A flush row of late-19th century buildings at the corner of 36th Street and Lancaster Avenue in Powelton Village was added to Philadelphia’s register of historic places on Friday, but the owners have promised fight the designation in the courts.
Earlier this year, the city rushed to write a nomination for the buildings after learning that the owners were considering knocking them down and replacing them with student housing. Before that, Powelton Village Civic Association had been developing a nomination of its own. Last month, the Commission’s committee on historic designation recommended that the property be placed on the historic register. The full Commission voted unanimously to designate the buildings on Friday.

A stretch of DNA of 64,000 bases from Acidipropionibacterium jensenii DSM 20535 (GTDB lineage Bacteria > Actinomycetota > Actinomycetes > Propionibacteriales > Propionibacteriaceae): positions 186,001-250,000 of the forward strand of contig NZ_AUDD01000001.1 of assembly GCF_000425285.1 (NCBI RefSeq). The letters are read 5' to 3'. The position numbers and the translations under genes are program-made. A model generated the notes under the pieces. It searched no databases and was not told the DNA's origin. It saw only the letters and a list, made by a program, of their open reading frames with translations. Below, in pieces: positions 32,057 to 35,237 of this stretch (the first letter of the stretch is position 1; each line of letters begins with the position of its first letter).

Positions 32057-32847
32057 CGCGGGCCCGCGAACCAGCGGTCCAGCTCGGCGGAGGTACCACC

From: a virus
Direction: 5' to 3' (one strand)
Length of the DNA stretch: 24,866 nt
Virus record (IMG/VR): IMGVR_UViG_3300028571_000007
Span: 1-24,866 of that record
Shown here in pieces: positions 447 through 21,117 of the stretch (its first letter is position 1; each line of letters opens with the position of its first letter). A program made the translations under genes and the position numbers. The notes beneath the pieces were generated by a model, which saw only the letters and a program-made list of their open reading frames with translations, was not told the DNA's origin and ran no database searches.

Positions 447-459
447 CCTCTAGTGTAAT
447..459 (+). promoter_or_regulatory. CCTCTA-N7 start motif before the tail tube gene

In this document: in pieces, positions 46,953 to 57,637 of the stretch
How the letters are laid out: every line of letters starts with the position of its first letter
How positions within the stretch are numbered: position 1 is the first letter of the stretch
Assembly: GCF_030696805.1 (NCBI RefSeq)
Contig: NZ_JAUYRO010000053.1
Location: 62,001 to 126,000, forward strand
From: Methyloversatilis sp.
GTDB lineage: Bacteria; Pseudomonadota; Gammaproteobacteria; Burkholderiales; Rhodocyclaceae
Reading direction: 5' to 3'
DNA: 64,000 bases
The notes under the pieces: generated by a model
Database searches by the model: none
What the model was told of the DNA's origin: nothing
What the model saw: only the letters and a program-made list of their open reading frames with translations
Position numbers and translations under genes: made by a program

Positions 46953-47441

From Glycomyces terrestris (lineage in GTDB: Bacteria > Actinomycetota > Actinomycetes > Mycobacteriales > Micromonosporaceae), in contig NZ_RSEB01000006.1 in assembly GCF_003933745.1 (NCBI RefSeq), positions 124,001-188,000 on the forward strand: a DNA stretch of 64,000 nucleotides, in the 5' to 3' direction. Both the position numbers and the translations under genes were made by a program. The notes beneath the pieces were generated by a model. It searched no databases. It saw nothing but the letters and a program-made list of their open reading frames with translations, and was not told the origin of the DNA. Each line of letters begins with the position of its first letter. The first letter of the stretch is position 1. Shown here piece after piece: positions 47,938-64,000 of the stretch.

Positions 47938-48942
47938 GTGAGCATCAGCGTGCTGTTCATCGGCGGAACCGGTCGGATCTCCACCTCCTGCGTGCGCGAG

Carl Primavera, a lawyer representing the owners of the row, said he plans to appeal the decision.
“[The owners] feel that the entire designation process has really been retaliatory,” Primavera told PlanPhilly.
He said the purpose of the historic preservation ordinance had been abused to block a development the city didn’t want. Patrick Grossi, advocacy director for the Preservation Alliance, said the nomination had to do with nothing more than the historic value of the buildings.
Also on Friday, the Commission voted to protect the Edward Corner building at the corner of Frankford Avenue and Shackamaxon Street in Fishtown. The building, currently vacant and owned by developer Michael Samschick, who has occasionally sought to demolish it, was formerly a marine-supplies outpost.
Patrick Grossi said the building was not only notable for its iconic ghost signs, but also, “given its current state, it’s actually well primed for reuse.”
The Commission also voted to protect twin homes at 4300-02 Osage Ave. in West Philadelphia; Byberry Cemetery, a former burial ground for African Americans in Northeast Philadelphia; and a former doctor’s office at 2176-78 York St. in Fishtown attributed to architect Frank Furness.